Roger Sherman Baldwin (Matthew McConaughey) and John Quincy Adams (Anthony Hopkins) seem scripted to resonate with campus crowds. In the film,
But the real
Perhaps the most riveting scenes in the movie depict the slave trade. In the beginning, Cinque, caked with dirt and sweating profusely in the stinking, blackened hold of the Amistad applies bleeding fingers to extricate himself from his shackles. He and his liberated mates crack into a box of sugarcane knives, then hack their way to victory. In a fierce struggle with the captain, Cinque explodes into a primal rage that allows him to overcome the captain by running him through the chest with his own sword. The camera lingers on a triumphant Cinque, of formidable physique and stature, towering over the body. For the sake of historical accuracy, Spielberg might have dwelled on the prime target of Cinque's rage, the Amistad's mulatto cook, but his death might have thrown a disturbing nuance into a simpler conversation about race relations.
More than midway through the movie, Cinque tells more of his story, how he arrived on the Amistad in the first place. ("Whoever tells the best story wins" says
No honest scholar can deny the brutality and horror of the Atlantic slave trade. Slaves were horribly beaten and lashed during the middle passage. They suffered disease and malnutrition. Some committed suicide. Slaving captains, for various reasons, dispatched some to watery graves. Amistad's producers, however, strayed beyond the bounds of the historical evidence on the voyages of the Tecora and Amistad to confront the audience with a carefully selected medley of the horrific.
Henry Louis Gates, Jr., must have neglected to mention to the producers that at the W. E. B. Du Bois Institute at
The notorious Tecora does not yet show up in the slave-trade database, and it may be that the word itself is a corruption by the African witnesses of another Portuguese name. By Lomboko, depicted in the movie as a masonry fortress, the Africans meant Dombokoro or Lombokoro, a stockaded compound built on mainland
For one of their most gruesome scenes, the scriptwriters may have borrowed from the atypical result of the 1781 voyage of the British slave ship Zong, when depleting water stocks caused more than a hundred sick and dying slaves to be bound and tossed overboard. Had these and similar atrocities become the norm, the Atlantic slave trade might not have lasted a generation, much less four centuries. At the time of the Amistad, the average return on investment for individual traders involved in the contraband Cuban trade had risen to almost 20 percent. Because of the risks associated with British suppression policies, however, many big traders were going bankrupt. In making economic sense of the Tecora atrocities, District Attorney Holabird (Pete Postlethwaite) was heading in the right direction.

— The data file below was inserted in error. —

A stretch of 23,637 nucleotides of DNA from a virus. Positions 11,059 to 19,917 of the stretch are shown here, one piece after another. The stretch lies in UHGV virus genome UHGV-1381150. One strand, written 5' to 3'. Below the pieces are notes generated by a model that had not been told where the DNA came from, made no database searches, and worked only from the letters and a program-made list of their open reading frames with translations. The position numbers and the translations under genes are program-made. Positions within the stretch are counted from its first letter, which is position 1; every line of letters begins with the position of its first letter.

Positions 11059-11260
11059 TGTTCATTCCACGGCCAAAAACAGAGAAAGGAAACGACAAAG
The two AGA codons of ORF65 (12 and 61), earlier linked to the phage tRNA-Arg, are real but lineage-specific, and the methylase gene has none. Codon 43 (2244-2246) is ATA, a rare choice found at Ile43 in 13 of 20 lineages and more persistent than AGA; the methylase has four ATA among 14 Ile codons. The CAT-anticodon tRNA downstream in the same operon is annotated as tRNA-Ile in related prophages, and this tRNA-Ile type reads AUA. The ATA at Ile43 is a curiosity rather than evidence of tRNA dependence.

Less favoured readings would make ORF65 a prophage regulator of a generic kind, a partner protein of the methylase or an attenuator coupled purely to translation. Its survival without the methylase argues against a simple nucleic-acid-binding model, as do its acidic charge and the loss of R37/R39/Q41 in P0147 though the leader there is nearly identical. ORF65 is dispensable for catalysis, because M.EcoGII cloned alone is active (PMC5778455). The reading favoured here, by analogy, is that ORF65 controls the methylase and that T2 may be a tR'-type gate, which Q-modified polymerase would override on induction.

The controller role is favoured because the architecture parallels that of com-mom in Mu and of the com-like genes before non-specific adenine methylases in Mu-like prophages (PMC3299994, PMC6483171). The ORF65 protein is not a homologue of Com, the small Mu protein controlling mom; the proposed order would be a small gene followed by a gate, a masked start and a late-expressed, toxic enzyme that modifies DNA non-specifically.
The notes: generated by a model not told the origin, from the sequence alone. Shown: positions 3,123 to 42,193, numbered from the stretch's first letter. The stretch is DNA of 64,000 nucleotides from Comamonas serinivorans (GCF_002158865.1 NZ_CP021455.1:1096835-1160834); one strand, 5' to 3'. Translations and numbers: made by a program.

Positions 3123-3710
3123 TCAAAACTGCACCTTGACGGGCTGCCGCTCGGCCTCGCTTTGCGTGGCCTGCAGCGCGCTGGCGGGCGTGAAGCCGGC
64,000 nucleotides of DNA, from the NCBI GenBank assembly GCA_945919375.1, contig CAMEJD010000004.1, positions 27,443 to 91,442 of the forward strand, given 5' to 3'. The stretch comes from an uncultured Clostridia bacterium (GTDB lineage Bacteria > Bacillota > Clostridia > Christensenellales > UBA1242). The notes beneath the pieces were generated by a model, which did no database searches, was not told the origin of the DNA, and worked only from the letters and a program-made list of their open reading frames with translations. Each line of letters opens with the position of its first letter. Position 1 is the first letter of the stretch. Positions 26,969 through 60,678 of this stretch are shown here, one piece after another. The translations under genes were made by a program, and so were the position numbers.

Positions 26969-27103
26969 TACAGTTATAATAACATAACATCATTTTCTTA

In reality, only a small proportion of enslaved Africans entered the
At less than 10 percent, the shipboard mortality rate for slaves imported from
The movie's anachronisms mount to dizzying heights if focus is diverted to architecture, mannerisms, and language. But Amistad has less to do with historical reconstruction than future direction. Spielberg designed his movie to speak to the feelings and sensibilities of a multicultural Nineties audience. In what was intended to be a powerful scene, Cinque and Adams, black and white, begin to find a common ground of understanding in
Robert L. Paquette is a professor of American history at
The final reading for this week is temporarily reproduced here: "From history to
Publication: New Criterion
Publication Date: 01-MAR-98
Author: Paquette, Robert L.
COPYRIGHT 1998 Foundation for Cultural Review
In 1839, fifty-three enslaved Africans aboard the Cuban schooner La Amistad, coasting eastward from
COPYRIGHT 1998 Foundation for Cultural Review